The new book, This is Your Brain on Sports, gets inside the minds of the players on the field, the fans in the stands, and the coaches on the sidelines. NPR's Audie Cornish talks with Tufts psychologist Sam Sommers and Jon Wertheim of Sports Illustrated about what sports tell us about how we think.
The Noor I solar thermal power plant is the first phase of a project that's projected to provide more than a million Moroccans with electricity — even once the sun has gone down.
Bee Wilson's new book, First Bite, examines how genetics, culture, memory and early feeding patterns influence the palate. She says babies are most open to new flavors between ages 4 and 7 months.
The Learning Assistant Program at the University of Colorado Boulder is producing better science learning from kindergarten through college.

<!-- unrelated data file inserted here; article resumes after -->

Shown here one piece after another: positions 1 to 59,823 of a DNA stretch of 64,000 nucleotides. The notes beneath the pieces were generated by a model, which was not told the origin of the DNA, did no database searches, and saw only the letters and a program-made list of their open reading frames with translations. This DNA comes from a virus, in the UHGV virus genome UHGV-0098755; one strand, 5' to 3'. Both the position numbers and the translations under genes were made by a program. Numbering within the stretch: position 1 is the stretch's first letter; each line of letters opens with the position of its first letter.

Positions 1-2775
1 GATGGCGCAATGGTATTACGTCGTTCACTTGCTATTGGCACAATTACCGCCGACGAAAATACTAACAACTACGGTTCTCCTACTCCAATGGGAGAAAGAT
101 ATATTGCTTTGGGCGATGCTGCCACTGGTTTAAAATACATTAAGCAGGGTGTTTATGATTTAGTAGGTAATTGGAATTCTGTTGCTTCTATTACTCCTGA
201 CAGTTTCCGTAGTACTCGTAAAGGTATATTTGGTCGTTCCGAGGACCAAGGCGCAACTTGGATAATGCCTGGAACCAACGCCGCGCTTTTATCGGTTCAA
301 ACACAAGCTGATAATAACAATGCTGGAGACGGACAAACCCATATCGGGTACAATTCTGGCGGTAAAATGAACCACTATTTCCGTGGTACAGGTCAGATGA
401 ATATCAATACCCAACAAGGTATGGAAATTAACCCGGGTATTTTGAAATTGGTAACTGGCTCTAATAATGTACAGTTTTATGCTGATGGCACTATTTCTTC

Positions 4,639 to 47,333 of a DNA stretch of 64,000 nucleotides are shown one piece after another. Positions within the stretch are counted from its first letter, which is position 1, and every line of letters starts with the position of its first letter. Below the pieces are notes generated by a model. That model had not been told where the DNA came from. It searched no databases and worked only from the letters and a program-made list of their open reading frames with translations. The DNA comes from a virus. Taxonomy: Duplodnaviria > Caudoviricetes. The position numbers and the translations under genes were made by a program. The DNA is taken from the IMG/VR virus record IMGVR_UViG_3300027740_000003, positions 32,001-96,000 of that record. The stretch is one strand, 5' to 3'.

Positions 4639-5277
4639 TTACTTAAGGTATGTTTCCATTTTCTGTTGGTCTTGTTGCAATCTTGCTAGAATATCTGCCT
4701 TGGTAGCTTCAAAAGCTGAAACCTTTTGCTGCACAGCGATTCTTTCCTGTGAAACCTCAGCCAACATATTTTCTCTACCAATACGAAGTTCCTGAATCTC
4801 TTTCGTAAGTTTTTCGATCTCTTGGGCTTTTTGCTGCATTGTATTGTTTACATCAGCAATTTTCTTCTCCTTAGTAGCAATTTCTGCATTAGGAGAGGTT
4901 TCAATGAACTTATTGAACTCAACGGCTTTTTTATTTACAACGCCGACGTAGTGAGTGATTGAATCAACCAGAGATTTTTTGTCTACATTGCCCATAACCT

Revealing embarrassing information is often better than withholding it. Research finds that people distrust withholders of details more than they dislike revealers of unsavory information.
So-called senescent cells no longer divide, but they secrete a mixture of chemicals that can trigger inflammation, which is involved in many age-related disorders. What if the cells were removed?
The CDC reported the first case of sexually transmitted Zika virus in the U.S. related to the current outbreak. It's happened before. Here's what we know about how the virus could move between people.
Before it does damage, an earthquake sends out a "P wave" that scientists use to find location and size. The U.S. quake warning system under development on the West Coast is built around the P wave.
The agreement reached between aboriginal groups known as First Nations, environmental groups and logging companies designates 85 percent of the forest land as permanently protected from logging.